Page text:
1-(3-Chloro-4-methyl-2-oxooxazolidin-4-yl)methyl)-1-methylpyrrolidinium chloride

To a solution of 1-methyl-1-((4-methyl-2-oxooxazolidin-4-yl)methyl)pyrrolidinium chloride (3.18 mmol) in MeOH (5 ml) was added tert-butylhypochlorite (˜2.7 ml) until the solution was clear with a white precipitate. The solution was evaporated, and purified by preparative HPLC (H2O/MeOH) to afford the title compound as a white foam (389.2 mg, 1.513 mmol, 48% over two steps). 1H NMR (D2O, 400 MHz) δ 1.63 (s, 3H), 2.2-2.3 (m, 4H), 3.17 (s, 3H), 3.5-3.7 (m, 2H), 3.7-3.9 (m, 3H), 3.95 (d, J=14.8 Hz, 1H), 4.62 (d, J=9.6 Hz, 1H), 4.91 (d, J=9.2 Hz, 1H). ESI/APCI expected for C10H18ClN2O2+: 233.11. Found: 233.

Example 9

2-(3-Chloro-4,4-dimethyl-2,5-dioxoimidazolidin-1-yl)ethanesulfonic acid (Compound 22-24)

embedded image

3-(2-Chloroethyl)-5,5-dimethylimidazolidine-2,4-dione

5,5-Dimethylhydantoin (5 g, 39 mmol, 1 eq.) was added to a solution of potassium hydroxide (2.18 g, 39 mmol, 1 eq.) in EtOH (100 mL). 1-bromo-2-chloroethane (11.2 g, 78 mmol, 2 eq.) was added in one portion. The resulting mixture was refluxed overnight. Reaction was cooled to room temperature and concentrated in vacuo. Crude residue was re-suspended in ethyl acetate (150 mL), and washed with H2O (100 mL), saturated aqueous sodium bicarbonate (100 mL) then brine (100 mL). Organic layer was dried (Na2SO4) and concentrated in vacuo to yield the crude product, which was directly used in the next step. Yield: 5.4 g (73%). LCMS—[M+H] m/z 191.

embedded image

S-2-(4,4-Dimethyl-2,5-dioxoimidazolidin-1-yl)ethyl ethanethioate

To a portion of chloride (950 mg, 5 mmol, 1 eq.) in DMF (15 mL) was added potassium thioacetate (1.14 g, 10 mmol, 2 eq.) and the reaction mixture was heated at 70° C. for 1 h. Reaction was cooled to room temperature and concentrated in vacuo. Crude mixture was re-suspended in ethyl acetate (150 mL) and washed with H2O (50 mL), saturated aqueous sodium bicarbonate (50 mL), then brine (50 mL). Organic layer was dried (Na2SO4) and concentrated in vacuo to yield the crude product as a yellow gum. Purified by column chromatography (50% EtOAc/hexane) to yield pure product. Yield: 890 mg (77%). 1H-NMR (400 MHz, CDCl3) δ 3.74 (t, 2H), 3.18 (t, 2H), 2.33 (s, 3H), 1.47 (s, 6H). LCMS—[M+H] m/z 231.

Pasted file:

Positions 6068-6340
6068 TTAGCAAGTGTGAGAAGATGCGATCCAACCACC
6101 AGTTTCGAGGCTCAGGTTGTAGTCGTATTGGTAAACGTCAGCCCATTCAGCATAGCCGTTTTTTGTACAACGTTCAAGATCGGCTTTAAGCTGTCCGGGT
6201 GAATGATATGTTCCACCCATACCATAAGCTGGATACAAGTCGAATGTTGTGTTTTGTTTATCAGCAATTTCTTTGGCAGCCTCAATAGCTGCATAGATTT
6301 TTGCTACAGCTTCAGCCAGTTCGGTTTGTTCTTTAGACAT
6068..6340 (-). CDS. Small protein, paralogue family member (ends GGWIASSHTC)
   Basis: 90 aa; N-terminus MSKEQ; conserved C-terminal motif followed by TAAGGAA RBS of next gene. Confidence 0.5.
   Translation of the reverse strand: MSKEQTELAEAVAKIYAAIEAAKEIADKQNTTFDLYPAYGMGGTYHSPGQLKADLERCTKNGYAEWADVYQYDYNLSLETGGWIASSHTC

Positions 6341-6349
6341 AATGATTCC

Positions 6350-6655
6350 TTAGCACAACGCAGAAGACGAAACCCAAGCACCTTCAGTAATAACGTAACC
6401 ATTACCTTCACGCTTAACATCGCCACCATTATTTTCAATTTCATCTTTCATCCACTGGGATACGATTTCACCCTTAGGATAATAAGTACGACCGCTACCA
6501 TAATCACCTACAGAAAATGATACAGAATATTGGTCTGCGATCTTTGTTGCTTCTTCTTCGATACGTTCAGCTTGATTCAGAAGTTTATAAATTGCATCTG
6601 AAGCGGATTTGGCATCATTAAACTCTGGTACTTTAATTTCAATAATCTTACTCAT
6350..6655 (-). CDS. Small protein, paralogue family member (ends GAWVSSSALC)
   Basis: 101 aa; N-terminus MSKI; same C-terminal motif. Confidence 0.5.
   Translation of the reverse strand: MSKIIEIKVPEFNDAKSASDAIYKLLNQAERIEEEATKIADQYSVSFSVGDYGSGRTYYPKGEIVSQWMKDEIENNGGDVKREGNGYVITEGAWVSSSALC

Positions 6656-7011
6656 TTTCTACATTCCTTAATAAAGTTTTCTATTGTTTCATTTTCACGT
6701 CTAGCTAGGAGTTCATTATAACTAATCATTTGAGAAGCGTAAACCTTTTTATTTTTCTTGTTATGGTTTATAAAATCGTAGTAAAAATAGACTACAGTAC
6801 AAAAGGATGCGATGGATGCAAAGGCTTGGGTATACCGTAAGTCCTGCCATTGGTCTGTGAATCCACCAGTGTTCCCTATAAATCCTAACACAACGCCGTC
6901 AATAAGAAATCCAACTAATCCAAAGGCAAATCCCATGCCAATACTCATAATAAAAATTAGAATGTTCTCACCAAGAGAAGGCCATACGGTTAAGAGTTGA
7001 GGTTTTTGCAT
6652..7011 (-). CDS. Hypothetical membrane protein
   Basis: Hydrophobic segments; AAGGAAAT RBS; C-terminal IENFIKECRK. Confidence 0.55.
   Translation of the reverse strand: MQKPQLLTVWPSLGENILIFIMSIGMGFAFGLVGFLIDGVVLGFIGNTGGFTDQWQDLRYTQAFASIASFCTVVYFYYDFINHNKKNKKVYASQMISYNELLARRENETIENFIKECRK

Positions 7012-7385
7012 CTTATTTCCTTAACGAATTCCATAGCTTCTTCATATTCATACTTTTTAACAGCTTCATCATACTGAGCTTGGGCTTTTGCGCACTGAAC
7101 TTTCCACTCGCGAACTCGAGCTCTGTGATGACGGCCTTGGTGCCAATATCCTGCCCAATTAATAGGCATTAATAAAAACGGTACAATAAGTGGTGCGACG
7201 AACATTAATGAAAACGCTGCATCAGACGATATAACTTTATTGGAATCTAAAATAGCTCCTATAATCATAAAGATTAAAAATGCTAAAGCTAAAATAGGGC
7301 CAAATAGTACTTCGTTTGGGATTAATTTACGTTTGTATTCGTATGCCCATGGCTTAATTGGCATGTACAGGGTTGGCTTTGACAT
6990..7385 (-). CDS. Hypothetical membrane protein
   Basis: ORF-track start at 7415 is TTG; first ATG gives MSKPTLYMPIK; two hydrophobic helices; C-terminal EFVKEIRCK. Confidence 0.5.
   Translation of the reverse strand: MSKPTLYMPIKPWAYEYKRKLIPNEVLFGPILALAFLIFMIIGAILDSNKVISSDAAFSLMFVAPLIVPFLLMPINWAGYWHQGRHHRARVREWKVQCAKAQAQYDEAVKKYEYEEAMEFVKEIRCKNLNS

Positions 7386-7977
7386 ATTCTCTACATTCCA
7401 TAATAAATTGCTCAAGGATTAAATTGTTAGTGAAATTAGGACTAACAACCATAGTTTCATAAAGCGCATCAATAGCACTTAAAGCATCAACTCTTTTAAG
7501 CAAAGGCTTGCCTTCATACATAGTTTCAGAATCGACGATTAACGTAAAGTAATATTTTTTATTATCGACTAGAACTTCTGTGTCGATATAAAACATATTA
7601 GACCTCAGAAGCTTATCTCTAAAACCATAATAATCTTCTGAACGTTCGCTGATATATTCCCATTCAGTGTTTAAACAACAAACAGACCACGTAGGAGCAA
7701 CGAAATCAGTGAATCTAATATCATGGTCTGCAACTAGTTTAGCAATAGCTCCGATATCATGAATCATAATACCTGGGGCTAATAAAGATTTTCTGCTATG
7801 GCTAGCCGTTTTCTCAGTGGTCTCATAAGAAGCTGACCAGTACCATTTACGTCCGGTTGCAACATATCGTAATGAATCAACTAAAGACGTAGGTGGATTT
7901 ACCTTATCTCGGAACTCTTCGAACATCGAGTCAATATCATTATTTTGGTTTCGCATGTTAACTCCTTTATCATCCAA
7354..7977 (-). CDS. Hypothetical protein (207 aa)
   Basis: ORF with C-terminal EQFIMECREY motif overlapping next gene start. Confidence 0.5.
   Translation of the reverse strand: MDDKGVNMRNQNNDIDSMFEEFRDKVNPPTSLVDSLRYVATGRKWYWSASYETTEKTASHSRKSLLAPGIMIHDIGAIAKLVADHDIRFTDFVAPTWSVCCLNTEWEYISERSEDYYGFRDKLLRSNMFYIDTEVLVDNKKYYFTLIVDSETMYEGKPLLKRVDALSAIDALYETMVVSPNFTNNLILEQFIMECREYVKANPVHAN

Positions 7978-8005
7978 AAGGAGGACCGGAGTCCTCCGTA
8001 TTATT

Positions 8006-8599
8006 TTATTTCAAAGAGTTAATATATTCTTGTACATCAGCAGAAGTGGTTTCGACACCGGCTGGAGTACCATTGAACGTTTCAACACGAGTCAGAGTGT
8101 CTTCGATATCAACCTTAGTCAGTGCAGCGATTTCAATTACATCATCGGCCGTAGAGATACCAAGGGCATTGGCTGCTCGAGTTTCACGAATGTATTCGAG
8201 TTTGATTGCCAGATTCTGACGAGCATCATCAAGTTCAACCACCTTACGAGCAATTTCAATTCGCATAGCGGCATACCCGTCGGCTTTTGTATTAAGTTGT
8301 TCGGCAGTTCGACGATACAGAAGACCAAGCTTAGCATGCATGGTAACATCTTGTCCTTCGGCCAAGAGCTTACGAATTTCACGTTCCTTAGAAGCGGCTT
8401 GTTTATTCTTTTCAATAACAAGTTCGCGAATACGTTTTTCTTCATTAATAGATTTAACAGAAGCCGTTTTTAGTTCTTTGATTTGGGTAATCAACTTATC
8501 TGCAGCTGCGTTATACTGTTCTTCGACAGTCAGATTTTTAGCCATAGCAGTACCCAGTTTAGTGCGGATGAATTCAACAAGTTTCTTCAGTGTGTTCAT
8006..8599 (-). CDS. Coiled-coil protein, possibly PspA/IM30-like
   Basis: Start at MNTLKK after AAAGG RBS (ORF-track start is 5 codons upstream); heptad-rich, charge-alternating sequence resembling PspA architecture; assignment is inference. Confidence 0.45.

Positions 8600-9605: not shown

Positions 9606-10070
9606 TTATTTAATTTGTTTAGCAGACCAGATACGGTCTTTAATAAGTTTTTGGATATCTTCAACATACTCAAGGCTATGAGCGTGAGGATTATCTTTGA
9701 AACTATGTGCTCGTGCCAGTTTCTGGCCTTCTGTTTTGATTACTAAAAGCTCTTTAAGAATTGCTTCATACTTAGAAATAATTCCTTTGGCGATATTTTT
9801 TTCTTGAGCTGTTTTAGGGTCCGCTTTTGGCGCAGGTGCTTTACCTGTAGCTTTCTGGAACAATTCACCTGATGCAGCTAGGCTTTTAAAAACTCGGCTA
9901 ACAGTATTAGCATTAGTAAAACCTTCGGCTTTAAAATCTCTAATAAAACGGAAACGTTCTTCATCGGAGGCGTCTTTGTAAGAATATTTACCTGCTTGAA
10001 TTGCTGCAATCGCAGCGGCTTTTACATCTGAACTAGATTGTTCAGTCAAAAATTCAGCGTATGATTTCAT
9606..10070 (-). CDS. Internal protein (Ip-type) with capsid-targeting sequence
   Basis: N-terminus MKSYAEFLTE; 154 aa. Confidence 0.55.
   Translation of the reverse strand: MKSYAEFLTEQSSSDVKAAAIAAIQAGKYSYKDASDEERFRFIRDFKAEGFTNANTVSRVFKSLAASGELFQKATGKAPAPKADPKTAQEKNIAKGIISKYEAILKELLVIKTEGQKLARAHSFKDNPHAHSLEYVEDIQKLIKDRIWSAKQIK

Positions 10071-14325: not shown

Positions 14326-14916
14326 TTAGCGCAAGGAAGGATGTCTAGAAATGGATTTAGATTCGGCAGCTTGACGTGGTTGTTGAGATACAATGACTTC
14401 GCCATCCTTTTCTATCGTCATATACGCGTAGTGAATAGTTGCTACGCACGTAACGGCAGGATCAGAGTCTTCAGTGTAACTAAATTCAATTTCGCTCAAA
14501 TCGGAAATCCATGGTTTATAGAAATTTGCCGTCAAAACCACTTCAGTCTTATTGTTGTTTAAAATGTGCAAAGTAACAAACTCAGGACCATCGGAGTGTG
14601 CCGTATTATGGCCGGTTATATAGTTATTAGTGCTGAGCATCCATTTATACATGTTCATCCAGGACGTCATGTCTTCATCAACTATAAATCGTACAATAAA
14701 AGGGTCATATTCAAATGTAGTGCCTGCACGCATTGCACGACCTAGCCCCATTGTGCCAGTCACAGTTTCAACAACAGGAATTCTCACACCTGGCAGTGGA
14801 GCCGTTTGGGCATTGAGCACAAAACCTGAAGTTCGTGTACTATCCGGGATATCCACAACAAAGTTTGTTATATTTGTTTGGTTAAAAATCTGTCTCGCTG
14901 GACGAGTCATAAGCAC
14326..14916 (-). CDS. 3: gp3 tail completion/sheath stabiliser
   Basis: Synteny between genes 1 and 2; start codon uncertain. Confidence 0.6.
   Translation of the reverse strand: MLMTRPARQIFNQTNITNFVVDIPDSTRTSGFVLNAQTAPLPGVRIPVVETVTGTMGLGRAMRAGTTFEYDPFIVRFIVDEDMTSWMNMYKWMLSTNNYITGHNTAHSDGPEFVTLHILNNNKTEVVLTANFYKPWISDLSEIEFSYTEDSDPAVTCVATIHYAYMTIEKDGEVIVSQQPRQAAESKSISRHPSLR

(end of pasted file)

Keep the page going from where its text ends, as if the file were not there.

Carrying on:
embedded image

2-(4,4-Dimethyl-2,5-dioxoimidazolidin-1-yl)ethanesulfonic acid

To a portion of thioacetate (445 mg, 1.93 mmol, 1 eq.) was added hydrogen peroxide (30 wt. %, 3 mL, ˜10 eq.) followed by formic acid (1 mL) and the reaction mixture was stirred at room temperature overnight. Concentrated in vacuo to dryness to yield the crude product, which was directly used in the next step. Yield: 455 mg (98%) LCMS—[M+H] m/z 237.

embedded image

2-(3-Chloro-4,4-dimethyl-2,5-dioxoimidazolidin-1-yl)ethanesulfonic acid

To a portion of sulfonic acid (227 mg, 0.96 mmol, 1 eq.) in MeOH (5 mL) at 5° C. was added t-butylhypochlorite (207 mg, 1.92 mmol, 2 eq.) and the reaction was stirred for 2 h. Reaction was monitored by TLC and complete. Concentrated in vacuo and purified by column chromatography (gradient from 10% to 20% MeOH in DCM) to yield NVC-624 as a pure product. Yield: 102 mg (40%).1H-NMR (400 MHz, CD3OD-d4 δ 3.97 (t, 2H), 3.13 (t, 2H), 1.45 (s, 6H). LCMS—[M−H] m/z 269.

Example 10

2-(1,8-Dichloro-7,7,9,9-tetramethyl-2,4-dioxo-1,3,8-triazaspiro[4.5]decan-3-yl)ethanesulfonic acid (Compound 22-25)

embedded image

7,7,9,9-Tetramethyl-1,3,8-triazaspiro [4.5]decane-2,4-dione

Piperidone monohydrate (25 g, 163 mmol) and ammonium carbonate (34.5 g, 359 mmol) were suspended in a mixture of methanol (110 mL) and water (90 mL). To this suspension NaCN (17 g, 347 mmol) in water added dropwise. The reaction flask was sealed and heated at 50° C. for 48 h. Cooled and filtered and washed with small portions of water. Dried and concentrated to get the hydantoin (24 g, 87%). LCMS—[M+H] m/z 226.

embedded image

3-(2-Chloroethyl)-7,7,9,9-tetramethyl-1,3,8-triazaspiro[4.5]decane-2,4-dione

A mixture of 7,7,9,9-tetramethyl-1,3,8-triazaspiro[4.5]decane-2,4-dione (5, 22.2 mmol) and KOH (1.24 g, 22.2 mmol) in EtOH was refluxed for 10 min and bromochloroethane (6.35 g, 44.4 mmol) was added and refluxing continued for additional 6 h. Filtered and concentrated to get the crude chloroethylated product which was used as such for the next step (5.5 g). LCMS—[M+H] m/z 228.

embedded image

S-2-(7,7,9,9-Tetramethyl-2,4-dioxo-1,3,8-triazaspiro[4.5]decan-3-yl)ethyl ethanethioate

3-(2-Chloroethyl)-7,7,9,9-tetramethyl-1,3,8-triazaspiro [4.5]decane-2,4-dione (5.5 g. 19.2 mmol) and potassium thioacetate (4.37 g, 38.3 mmol) in DMF (30 mL) was heated at 80° C. overnight. Cooled to room temperature and filtered. Concentrated and purified over silica gel using 20% MeOH—CH2Cl2 to afford 3 g of the thioacetate. 1H NMR (CD3OD, 400 MHz) δ 1.43 (s, 6H), 1.54 (s, 6H), 2.30 (s, 3H), 3.14-3.17 (m, 2H), 3.70-3.73 (m, 2H).

embedded image

2-(7,7,9,9-Tetramethyl-2,4-dioxo-1,3,8-triazaspiro[4.5]decan-3-yl)ethanesulfonic acid

S-2-(7,7,9,9-Tetramethyl-2,4-dioxo-1,3,8-triazaspiro[4.5]decan-3-yl)ethyl ethanethioate (3 g, 9.17 mmol) oxidized as before using performic acid to afford 2 g of the corresponding sulfonic acid. LCMS—[M+H] m/z 334.

embedded image

2-(1,8-Dichloro-7,7,9,9-tetramethyl-2,4-dioxo-1,3,8-triazaspiro[4.5]decan-3-yl)ethanesulfonic acid